Let us not forget free and fair elections

— Galvin Wong
The Malaysian Insider
May 17, 2012

MAY 17 — The last two weeks have been filled with events that have displayed violence, disrespect and the true character of politics. On April 28, we experienced Bersih 3.0, the biggest protest in our country’s history that started off on a good note but quickly degraded into an event of confusion and violence. The days that followed were filled with allegations and blame shifting from all parties involved. After that came the burger selling and bum exercise incidents in front of Ambiga Sreenevasan’s house. And just two days ago, DAP vice-chairman Tunku Abdul Aziz Tunku Ibrahim ended a dispute he had with the party by resigning on national TV.

I write this article today not to talk about these incidents, but to remind us that all these incidents have stemmed from one issue we all fought for in July last year and in April this year — free and fair elections.

Our focus and the pressure placed on the government have both diminished and shifted away due to the many other incidents that have happened. One reason I feel the Election Commission has not done much since 2007 is because we failed to place constant pressure on them. The public scrutiny on their work came in waves, the 2007, 2011 and this year’s waves. After they weathered the short storm during these years, they went on in a business-as-usual mode, only succeeding in fulfilling ONE Bersih demand — the use of indelible ink.

The media has ceased reporting on the work of the EC in their role in ensuring cleaner and fairer elections. Partly because of the juicy newer bits of news, partly because there has been NO news from the EC since the public display of the supplementary role! Politicians themselves have also failed to follow up on the progress of the EC. Pakatan Rakyat, after vigorously championing for clean and fair elections before Bersih 3.0, has not mentioned this issue in the past weeks. It is said that Malaysians are notoriously forgetful. Being our leaders, it is part of their responsibility to remind us about unresolved issues we care about that we may forget from time to time.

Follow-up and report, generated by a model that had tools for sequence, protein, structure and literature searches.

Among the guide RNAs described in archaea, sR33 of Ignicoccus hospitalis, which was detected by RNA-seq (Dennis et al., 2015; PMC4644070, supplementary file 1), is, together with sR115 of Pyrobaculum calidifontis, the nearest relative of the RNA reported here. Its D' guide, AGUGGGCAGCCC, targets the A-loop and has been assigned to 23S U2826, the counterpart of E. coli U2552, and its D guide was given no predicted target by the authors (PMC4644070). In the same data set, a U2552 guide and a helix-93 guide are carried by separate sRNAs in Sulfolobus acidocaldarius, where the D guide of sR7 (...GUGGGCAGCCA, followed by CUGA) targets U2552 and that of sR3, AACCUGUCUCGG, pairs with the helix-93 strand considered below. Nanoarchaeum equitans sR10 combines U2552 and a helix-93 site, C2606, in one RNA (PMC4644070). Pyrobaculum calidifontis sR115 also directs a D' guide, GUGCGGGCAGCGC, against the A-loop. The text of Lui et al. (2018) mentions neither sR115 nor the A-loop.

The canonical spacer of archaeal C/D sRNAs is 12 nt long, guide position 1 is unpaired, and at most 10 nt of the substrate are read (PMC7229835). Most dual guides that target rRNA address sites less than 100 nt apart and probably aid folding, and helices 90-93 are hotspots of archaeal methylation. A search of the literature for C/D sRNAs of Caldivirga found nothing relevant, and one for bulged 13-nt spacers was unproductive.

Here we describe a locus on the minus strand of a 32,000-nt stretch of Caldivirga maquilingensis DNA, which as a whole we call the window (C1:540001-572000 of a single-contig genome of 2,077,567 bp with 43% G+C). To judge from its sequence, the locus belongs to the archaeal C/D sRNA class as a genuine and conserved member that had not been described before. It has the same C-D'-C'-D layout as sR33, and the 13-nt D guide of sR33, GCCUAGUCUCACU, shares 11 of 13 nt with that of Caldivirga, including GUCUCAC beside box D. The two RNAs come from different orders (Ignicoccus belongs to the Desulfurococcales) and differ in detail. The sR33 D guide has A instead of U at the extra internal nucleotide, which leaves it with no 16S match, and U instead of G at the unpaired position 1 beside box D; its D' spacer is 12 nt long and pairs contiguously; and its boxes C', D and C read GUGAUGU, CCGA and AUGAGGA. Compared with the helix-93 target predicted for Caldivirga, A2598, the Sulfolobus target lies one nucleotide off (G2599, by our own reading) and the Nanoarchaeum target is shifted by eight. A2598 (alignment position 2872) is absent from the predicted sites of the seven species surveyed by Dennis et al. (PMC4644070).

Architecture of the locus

We must remember that elections are not far off; various analysts predict that it will be in late June, early July. Prime Minister Najib Razak, if he is really serious about winning fairly should postpone elections until all major Parliamentary Select Committee recommendations are implemented. Let us not be distracted but keep our focus during this period. Only through consistent public scrutiny and pressure can we ensure those who marched on April 28 did not do so in vain.

  1. #1 by dagen wanna "ABU" on Thursday, 17 May 2012 - 2:42 pm

    Somehow a lot of people did not seem to realise one point. The rally did not degrade or turn into something other than what was first planned, i.e. peaceful gathering.

    In fact the gathering in many places started the night before and gained momentum the next day. It way carnival like and a very happy occassion. Things then were still very much under ambiga & co’s control.

    However at round about 3:30 pm or so umno’s police decided to take over control of the crowd. That was when the event changed its character from ambiga & co’s bersih gathering to umno’s pandemonium and mess.

  2. #2 by sheriff singh on Thursday, 17 May 2012 - 4:05 pm

    What constitute ‘free and fair’ ?

    In Rubberland it is stretchable and we do have our own standards which were put in place by our ‘kiasu’ government for their benefit. So far the standards are ‘legal’ even though many would question and challenge its rules.

    We must therefore first decide what ‘free and fair’ should mean in Rubberland which everyone, including Tunku Aziz, would be happy to live with. Then execute the change.

  3. #3 by boh-liao on Friday, 18 May 2012 - 2:43 am

    Has there ever been FREE n FAIR erections in dis UmnoB-land?

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